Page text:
How to wallpaper corners
As you learn more about how to hang wallpaper yourself, you’ll quickly realise that the hardest bit (by far) is getting the corners to look perfect. Sadly, you can’t just push the paper into the corner and expect it to look great. Still, you can learn the techniques and approaches that professionals use for a seamless finish. It’ll be a little tricky at first - but with the right know-how, you’re up for the challenge.
Read on for our top tips on how to wallpaper corners like a pro.
Precision is key when wallpapering corners.
Tools you'll need
Gather these before you get started:
- Smaller brush for nooks and crannies
- Wallpaper paste
- Wallpaper (well, that would help)
- Measuring tool
- Sharp scissors
- Soft, clean cloth for smoothing
Best way to approach wallpapering corners
First thing's first; are you papering inside corners, or outside corners?
Papering inside corners? Here’s what you need to know:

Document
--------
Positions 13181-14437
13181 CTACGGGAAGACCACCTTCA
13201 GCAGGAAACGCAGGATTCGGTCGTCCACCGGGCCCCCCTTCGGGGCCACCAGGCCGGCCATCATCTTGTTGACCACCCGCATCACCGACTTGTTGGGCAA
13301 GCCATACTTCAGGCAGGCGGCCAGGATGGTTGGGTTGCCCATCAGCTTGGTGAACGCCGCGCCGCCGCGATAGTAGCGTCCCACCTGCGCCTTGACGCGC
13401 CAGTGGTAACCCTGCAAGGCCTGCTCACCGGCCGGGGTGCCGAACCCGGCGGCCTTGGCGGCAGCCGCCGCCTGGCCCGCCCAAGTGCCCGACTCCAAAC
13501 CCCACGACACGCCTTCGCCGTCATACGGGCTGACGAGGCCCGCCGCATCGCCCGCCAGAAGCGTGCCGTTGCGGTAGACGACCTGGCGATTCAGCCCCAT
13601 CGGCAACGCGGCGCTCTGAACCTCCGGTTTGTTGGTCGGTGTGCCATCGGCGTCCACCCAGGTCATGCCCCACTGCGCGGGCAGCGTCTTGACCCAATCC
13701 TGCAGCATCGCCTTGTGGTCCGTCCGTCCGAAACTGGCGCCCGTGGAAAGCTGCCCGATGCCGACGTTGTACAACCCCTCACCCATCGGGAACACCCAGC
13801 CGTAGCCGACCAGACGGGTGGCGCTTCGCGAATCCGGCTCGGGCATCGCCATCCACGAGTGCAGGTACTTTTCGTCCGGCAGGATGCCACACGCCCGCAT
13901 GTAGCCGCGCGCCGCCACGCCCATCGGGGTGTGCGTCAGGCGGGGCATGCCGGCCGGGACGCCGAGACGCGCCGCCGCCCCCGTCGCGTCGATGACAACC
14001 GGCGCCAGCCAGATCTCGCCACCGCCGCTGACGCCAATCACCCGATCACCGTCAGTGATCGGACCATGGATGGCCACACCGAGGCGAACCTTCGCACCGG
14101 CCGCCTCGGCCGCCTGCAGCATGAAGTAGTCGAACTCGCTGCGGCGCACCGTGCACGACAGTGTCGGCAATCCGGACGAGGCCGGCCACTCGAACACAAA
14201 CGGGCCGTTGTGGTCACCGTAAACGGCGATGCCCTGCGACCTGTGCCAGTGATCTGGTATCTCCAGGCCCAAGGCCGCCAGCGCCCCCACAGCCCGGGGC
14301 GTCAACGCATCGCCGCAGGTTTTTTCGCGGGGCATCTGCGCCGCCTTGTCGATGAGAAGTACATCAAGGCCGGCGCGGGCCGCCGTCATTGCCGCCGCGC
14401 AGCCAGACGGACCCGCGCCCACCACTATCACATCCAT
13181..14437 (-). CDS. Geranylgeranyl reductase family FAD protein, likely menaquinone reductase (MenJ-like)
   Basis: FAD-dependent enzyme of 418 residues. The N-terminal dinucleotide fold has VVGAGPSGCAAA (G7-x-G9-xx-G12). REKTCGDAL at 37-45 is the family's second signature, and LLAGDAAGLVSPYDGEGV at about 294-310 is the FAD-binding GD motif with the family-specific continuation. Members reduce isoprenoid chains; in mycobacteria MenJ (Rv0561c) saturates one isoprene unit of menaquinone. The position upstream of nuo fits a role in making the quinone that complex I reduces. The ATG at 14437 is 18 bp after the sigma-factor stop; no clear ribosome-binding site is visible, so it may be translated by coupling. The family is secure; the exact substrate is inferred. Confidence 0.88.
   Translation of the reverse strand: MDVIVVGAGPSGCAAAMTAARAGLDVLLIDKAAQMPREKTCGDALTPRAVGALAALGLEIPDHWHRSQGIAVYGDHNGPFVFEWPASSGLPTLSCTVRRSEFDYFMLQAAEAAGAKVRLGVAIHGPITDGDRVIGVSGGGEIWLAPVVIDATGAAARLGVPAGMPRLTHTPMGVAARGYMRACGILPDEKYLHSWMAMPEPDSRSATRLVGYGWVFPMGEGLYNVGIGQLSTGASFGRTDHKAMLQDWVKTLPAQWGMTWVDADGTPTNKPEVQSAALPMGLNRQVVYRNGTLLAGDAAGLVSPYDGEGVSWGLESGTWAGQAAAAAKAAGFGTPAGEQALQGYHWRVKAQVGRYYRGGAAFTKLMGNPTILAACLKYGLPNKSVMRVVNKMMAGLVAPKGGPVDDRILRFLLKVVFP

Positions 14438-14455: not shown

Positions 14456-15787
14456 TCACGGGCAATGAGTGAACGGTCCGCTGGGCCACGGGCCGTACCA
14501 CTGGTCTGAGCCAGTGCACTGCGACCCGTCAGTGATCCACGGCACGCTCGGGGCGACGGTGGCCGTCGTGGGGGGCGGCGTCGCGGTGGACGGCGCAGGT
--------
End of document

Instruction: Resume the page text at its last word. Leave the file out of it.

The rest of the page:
Measure the length of wallpaper that you’ll need and add an extra couple of centimetres in width before cutting.
Use your brush to get the wallpaper paste into corners.
Proceed to hang wallpaper with care from top to bottom, making sure to align the pattern to the previous strip.
Gently press the wallpaper strip into the corner using a small brush.
Carefully press the overlap onto the next wall so it forms a new overlap for the next strip.
Smooth your strip from the centre using a soft, clean cloth.
When hanging wallpaper on outside corners, follow this process:
Measure the length and allow for an extra couple of inches (for the overlap) before cutting.
Apply paste using your handy little brush.
Hang the wallpaper using the same process as above, taking care to meet the edges of the last strip you’ve applied.
Wrap the piece around the outside corner.
Create a smooth edge by adding your next strip to the other side of the wall.
Things to remember
Keep smoothing as you go for the best finish. Always smooth out from the centre of the strip to avoid air bubbles.
Smooth wallpaper surfaces gently. Don’t put too much pressure on it or the paste may squeeze out from the corners.
Deal with any residue paste before it dries by cleaning it up with a natural sponge as you work.
Try not to rush the process. Hanging wallpapers in corners should take a little time for a newbie. Work slowly to avoid making mistakes.
Master these steps and you’re one step closer to becoming a professional paperhanger.
(Yes, that’s a thing.)